At the time, cars built by the Italian manufacturer tended to be beautiful but frighteningly unreliable while its Japanese counterpart was building cars that rarely broke down but looked like they were styled by a blind man in the midst of heroin withdrawal.
Imagine, everyone thought, a car with Alfa styling and Nissan reliability. It’ll be unstoppable.
Unfortunately, it appears that they decided to it the other way round and, as Wikipedia notes, the Arna “featured tempestuous mechanicals and indifferent build quality courtesy of Alfa Romeo, married to a Nissan body of questionable build and frumpy styling, with insipid handling common to Japanese cars of the time”.
Just three years after the Arna project first launched, Alfa’s parent company sold it to Fiat, which promptly killed production on what is probably the ugliest Alfa ever made.
4. Porsche 914
Image: Alden Jewell via Flickr
There are very few people in this world who can drive a Porsche and not come off looking like a complete and utter scumbag (that number grows even smaller if you exclude fictional characters, such as Californication‘s Hank Moody).
If you pitched up at a party in a Porsche 914 during the seventies however, the assumption will have probably been that you couldn’t afford a real Porsche.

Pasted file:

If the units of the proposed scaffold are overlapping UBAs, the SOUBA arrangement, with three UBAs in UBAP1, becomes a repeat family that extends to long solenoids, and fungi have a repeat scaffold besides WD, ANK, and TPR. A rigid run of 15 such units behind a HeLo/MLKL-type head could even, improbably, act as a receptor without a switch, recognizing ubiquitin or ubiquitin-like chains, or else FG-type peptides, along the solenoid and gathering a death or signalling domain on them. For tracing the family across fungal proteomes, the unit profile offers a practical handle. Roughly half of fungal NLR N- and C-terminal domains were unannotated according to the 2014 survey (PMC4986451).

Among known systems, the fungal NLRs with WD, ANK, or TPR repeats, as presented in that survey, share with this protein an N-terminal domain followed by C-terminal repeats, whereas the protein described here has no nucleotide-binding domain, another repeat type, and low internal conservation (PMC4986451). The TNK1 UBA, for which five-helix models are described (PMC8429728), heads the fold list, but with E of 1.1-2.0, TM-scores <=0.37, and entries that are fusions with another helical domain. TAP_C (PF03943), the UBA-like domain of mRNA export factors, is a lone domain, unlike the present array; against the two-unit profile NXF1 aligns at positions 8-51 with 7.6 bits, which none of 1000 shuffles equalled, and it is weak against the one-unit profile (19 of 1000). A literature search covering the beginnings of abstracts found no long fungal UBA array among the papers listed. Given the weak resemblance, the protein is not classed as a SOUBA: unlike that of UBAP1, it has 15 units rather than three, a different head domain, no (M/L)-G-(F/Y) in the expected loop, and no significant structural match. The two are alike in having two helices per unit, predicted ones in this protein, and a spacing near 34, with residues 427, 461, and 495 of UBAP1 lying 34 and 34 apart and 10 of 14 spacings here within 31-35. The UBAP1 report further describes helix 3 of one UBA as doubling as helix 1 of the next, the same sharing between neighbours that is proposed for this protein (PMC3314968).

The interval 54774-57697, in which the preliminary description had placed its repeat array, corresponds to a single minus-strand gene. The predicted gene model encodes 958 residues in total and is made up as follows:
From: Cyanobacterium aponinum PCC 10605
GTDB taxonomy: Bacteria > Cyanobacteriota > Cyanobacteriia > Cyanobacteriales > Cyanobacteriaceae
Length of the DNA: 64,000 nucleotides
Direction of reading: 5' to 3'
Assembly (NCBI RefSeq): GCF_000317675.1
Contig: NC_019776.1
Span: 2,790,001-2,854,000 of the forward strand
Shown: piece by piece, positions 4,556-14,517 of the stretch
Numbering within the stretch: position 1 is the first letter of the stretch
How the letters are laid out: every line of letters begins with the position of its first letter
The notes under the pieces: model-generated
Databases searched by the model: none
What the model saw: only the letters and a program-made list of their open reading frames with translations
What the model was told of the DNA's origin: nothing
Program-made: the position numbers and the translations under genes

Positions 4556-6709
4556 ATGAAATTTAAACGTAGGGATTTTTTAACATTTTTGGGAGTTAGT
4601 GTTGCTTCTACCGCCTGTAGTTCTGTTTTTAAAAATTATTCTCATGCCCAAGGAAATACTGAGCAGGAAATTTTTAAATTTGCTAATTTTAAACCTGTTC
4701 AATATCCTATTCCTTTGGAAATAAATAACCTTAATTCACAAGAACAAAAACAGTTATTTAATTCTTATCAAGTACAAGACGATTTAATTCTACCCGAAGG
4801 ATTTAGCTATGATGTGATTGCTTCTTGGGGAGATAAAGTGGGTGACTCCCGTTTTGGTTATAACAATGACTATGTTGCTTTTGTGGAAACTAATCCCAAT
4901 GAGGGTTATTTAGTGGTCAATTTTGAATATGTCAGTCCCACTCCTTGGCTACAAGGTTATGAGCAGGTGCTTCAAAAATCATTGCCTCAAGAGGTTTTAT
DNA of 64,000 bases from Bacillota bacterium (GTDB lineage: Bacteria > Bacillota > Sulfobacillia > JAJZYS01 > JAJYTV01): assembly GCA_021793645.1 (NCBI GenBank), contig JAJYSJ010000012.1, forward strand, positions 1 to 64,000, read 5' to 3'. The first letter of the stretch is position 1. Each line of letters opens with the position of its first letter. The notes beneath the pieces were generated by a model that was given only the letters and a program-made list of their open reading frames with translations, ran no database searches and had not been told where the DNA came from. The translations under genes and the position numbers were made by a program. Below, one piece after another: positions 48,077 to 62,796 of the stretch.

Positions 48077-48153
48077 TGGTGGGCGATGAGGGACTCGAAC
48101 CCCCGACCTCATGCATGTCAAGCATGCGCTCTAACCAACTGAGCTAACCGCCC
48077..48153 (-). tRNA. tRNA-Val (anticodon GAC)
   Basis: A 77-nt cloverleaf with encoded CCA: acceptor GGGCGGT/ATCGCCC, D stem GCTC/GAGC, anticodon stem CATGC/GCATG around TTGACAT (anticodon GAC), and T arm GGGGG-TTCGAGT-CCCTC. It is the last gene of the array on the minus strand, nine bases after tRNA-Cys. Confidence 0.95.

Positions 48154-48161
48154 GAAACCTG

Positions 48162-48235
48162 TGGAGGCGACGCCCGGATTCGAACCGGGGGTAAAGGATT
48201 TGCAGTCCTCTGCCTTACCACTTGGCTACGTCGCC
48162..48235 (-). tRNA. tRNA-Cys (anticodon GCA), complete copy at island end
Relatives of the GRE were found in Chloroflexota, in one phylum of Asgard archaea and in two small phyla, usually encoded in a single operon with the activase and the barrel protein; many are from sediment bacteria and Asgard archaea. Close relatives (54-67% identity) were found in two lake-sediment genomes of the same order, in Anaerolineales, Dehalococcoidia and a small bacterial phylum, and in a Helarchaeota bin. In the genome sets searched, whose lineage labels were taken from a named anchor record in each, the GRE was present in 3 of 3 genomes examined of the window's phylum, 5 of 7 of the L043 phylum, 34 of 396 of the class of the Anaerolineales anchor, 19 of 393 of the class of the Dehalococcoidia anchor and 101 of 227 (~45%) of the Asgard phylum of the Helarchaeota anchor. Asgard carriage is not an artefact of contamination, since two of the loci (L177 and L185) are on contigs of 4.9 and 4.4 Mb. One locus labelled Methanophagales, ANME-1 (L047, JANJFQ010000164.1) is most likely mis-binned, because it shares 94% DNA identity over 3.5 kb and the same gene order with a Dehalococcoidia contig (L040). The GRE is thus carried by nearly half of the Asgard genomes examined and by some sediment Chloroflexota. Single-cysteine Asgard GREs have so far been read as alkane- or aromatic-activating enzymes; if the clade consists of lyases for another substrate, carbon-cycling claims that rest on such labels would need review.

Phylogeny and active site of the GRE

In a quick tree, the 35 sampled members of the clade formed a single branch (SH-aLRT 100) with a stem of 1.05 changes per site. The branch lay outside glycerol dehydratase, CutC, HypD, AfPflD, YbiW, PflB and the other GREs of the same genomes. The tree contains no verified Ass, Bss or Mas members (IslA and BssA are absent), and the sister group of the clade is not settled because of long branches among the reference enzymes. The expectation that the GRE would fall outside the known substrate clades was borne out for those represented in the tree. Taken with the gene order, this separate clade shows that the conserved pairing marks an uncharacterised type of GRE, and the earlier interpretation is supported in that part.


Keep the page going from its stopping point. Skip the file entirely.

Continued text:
And when it came down to it, they wouldn’t bee all that far off the truth either. You see, the 914 was actually meant to be Volkswagen, built to replace the Karmann Ghia.
All the development work was originally done by Porsche and it managed to convince VW to let it sell all variants as Porsches in North America.
With the death of of Volkswagen’s chairman, Heinz Nordhoff in 1968 though, things became seriously complicated. His successor Kurt Lotz, was not connected with the Porsche dynasty and felt that Porsche should share tooling costs with VW on the project.
The end result was a cheap-looking, but expensively priced Porsche that was missing most of the company’s iconic design hallmarks.
5. Ford Festiva
Chances are anyone opening this list and looking for a Ford entry will have expected to see the Edsel. But while it was an expensive mistake for a company that had pretty much pioneered the automotive assembly line, but it provided a pretty important lesson in why cars built according to market research don’t always end up working so well.
The Festiva it built in collaboration with Kia in the nineties however wasn’t just a combination of good parts put together badly though…it was wrong on every level. At a time when the Korean market was still largely making poor imitations of Japanese cars, the Festiva’s various faults included a bad ride, atrocious styling, and a serious lack of power.
Perhaps worst of all though, were its abysmal safety credentials. The 2008 edition of the Used Car Safety Ratings (UCSR) by Monash University in Australia found the second series Festiva to provide a “worse than average” (two out of five stars) safety protection level in the event of an accident. The 2010 edition meanwhile saw the scoring downgraded to “very poor” (equivalent to one of five stars, or the “significantly worse than average” terminology used in 2008).